A Broken Relationship With God

The knowledge and awareness that they had deliberately disobeyed God brought an immediate sense of guilt to Adam and Eve. Their innocence was gone, and their consciences condemned their action. They sensed their nakedness before each other and before God, and in shame they tried to hide from God. When He confronted them with what they had done, each tried to blame another. Adam blamed Eve, and Eve blamed the serpent (Genesis 3:12-13), and with this tragic confession, their beautiful, personal relationship with God ended. They experienced spiritual death (Genesis 2:17) and were sent out of the perfect Garden of Eden to a life much different than they had known up to that time.

A Sinful Nature

The sin of Adam and Eve corrupted not only their own hearts but also the hearts of all their descendants. The Bible declares that their one sin was a corrupting principle that was passed on to every one of their descendants, to every human being (Romans 5:12). The entire world thus came under the power of sin (Galatians 3:22), and with this bondage we became “objects of wrath” (Ephesians 2:3). This sinful nature makes it impossible for people to please God. Each person acts as he does because of his corrupt nature, because of what he is.

The Bible declares that we are born with this corrupt nature (Psalm 51:5). We would like to think that children are perfect and have no sinful nature. However, as we watch brothers and sisters fight with one another, we realize that selfishness is a part of human nature. A child’s tendency to disobey also comes from his sinful nature.

These texts show us that every part of man’s being is corrupted by sin, and in this state he can do nothing that pleases God. This does not mean that a person without God cannot do or appreciate acts of goodness and kindness. It does mean that, until he is revived spiritually, he can do nothing that is worthy of God’s approval. The likeness of God in him has been spoiled.

Not only do we suffer the consequences of Adam’s sin and the effects of the sinful nature that we received from him, we also suffer the consequences of our own sins. If I am lazy and do not work, I will suffer the consequences (and so will my family).

We often have to suffer not only the results of our own sin, but also the consequences of the sins of another. The citizens of a country whose government officials are corrupt do not enjoy the blessing that a good government can provide. The children of a drunken father may suffer the abuse that can result from a mind drugged by alcohol. People die in automobile accidents because of drunken drivers. Society in general suffers abuse from criminals and then pays the cost of their confinement in prisons.

In Lesson 6 we saw that the good side of man is to be admired; now we look at the tragic side. Man without God is depraved. As we approach the last days, we can expect to see terrible conditions everywhere. Under prophetic inspiration, the apostle Paul wrote these words:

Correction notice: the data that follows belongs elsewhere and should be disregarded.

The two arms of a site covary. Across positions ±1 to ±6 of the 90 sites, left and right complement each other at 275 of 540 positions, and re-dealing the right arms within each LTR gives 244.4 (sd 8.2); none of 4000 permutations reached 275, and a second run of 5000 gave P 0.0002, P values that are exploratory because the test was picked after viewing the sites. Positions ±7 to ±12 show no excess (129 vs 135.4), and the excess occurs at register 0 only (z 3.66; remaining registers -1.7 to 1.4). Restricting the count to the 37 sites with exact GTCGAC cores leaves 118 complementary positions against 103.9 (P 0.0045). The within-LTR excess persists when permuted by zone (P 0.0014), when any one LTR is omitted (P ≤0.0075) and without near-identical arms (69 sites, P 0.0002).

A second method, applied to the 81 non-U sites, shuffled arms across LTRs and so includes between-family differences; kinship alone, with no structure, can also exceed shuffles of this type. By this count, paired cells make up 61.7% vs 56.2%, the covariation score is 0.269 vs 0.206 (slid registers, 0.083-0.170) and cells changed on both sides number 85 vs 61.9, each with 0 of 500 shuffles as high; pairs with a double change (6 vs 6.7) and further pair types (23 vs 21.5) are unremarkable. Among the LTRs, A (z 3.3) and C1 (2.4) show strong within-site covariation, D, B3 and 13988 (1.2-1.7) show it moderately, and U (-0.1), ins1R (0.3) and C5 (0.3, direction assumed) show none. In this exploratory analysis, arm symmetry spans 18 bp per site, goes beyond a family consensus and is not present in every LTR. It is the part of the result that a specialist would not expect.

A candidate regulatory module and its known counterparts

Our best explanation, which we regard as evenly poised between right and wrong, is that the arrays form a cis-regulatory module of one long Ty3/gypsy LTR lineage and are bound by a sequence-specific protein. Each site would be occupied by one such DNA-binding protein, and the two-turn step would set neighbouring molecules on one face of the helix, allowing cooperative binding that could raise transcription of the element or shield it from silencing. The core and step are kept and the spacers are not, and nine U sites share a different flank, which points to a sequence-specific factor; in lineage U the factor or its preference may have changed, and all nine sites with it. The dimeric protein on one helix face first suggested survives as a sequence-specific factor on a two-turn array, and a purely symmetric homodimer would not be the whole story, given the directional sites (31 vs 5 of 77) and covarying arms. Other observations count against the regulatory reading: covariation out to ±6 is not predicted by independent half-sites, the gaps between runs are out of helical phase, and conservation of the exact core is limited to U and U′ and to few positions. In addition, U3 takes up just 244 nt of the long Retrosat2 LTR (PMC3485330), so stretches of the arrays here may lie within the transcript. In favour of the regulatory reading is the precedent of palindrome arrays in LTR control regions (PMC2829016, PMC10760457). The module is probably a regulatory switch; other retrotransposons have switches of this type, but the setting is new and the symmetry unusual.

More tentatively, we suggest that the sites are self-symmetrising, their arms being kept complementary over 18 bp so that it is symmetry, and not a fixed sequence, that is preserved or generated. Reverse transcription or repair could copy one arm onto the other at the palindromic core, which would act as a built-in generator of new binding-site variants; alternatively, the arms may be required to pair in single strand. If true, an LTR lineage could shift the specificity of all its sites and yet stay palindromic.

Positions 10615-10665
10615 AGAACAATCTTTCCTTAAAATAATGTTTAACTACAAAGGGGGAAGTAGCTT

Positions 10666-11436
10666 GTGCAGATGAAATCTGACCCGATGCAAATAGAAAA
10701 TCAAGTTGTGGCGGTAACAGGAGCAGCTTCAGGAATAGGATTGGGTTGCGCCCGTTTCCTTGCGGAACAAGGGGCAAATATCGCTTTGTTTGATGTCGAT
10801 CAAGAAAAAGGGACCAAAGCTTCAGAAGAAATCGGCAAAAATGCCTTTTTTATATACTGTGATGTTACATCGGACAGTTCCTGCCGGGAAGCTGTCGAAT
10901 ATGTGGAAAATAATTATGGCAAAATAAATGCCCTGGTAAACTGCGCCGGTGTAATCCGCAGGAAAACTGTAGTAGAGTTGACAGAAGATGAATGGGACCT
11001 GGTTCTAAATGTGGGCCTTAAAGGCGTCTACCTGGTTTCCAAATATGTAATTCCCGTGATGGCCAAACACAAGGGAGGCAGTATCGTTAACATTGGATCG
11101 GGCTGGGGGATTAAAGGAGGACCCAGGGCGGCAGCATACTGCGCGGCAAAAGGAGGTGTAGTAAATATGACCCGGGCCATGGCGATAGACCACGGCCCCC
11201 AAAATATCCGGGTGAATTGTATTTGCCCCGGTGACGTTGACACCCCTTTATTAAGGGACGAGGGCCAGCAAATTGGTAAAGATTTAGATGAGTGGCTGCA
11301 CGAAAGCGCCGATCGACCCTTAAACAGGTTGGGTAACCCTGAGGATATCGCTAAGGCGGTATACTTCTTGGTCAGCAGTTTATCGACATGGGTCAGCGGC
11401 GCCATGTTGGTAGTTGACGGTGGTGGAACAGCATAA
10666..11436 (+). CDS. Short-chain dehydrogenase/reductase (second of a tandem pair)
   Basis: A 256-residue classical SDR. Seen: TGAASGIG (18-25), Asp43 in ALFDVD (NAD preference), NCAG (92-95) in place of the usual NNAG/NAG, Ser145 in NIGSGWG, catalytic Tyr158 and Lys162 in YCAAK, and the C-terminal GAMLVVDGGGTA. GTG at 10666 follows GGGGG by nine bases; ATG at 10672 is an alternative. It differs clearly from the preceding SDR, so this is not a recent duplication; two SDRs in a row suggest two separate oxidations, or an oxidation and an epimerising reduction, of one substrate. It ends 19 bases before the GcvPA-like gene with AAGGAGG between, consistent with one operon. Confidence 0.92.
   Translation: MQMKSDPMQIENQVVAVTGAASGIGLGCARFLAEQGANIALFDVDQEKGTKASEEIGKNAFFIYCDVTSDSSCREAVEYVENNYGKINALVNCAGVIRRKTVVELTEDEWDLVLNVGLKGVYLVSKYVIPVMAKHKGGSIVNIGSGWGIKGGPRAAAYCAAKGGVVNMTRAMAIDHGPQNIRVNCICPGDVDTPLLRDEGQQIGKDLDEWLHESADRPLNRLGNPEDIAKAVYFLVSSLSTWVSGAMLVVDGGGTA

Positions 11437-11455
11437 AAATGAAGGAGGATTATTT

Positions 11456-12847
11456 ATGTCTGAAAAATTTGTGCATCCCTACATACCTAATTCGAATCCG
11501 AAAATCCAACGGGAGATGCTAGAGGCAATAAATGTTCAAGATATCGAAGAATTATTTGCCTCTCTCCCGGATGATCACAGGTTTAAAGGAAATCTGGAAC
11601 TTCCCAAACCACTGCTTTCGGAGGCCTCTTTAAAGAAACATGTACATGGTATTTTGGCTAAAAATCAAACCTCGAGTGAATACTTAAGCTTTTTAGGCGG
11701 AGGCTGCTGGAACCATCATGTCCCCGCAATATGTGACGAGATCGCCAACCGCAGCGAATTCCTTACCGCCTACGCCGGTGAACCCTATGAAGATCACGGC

But mark this: There will be terrible times in the last days. People will be lovers of themselves, lovers of money, boastful, proud, abusive, disobedient to their parents, ungrateful, unholy, without love, unforgiving, slanderous, without self-control, brutal, not lovers of the good, treacherous, rash, conceited, lovers of pleasure rather than lovers of God—having a form of godliness but denying its power (2 Timothy 3:1-5).

A Physical Liability

Sickness and disease were unknown to Adam and Eve in the Garden of Eden. Germs, viruses, and diseases of all kinds appeared as a result of sin and are seen thereafter in connection with sin and judgment (Exodus 15:26; Deuteronomy 28:58-62). Pain, weariness, and physical breakdown are part of the process begun by sin which leads finally to physical death (Genesis 3:16- 19). In fact, death stalks humanity as a result of the fall of man. The process of living is also marked by satanic opposition to man’s efforts to approach, live for, and please God (Genesis 3:15).

A Hostile Environment

Because of the curse caused by sin, the whole universe suffers (Genesis 3:17-18). Animal life shows savage traits. Isaiah 11:6-9 indicates that in God’s coming kingdom wild animals will be peaceful rather than savage. This leads us to believe that the present order of the jungle is the result of the curse of sin; the stronger preys on the weaker, and harmony in nature has been disrupted.

Plant life also reveals the effects of sin. Weeds and thorns choke out the good plants. Food does not grow without much effort on the part of man. Man’s struggle to get food from the environment takes a heavy toll on his body. The apostle Paul describes it this way:

The creation waits in eager expectation for the sons of God to be revealed . . . in hope that the creation itself will be liberated from its bondage to decay and brought into the glorious freedom of the children of God. We know that the whole creation has been groaning as in the pains of childbirth right up to the present time (Romans 8:19-22).

An Eternal Separation and Punishment

The final result of sin that we are going to mention is the saddest of all. The Bible reveals that the unrepentant sinner will have to suffer eternal punishment. How I wish it were different, but I dare not close my eyes to clear language.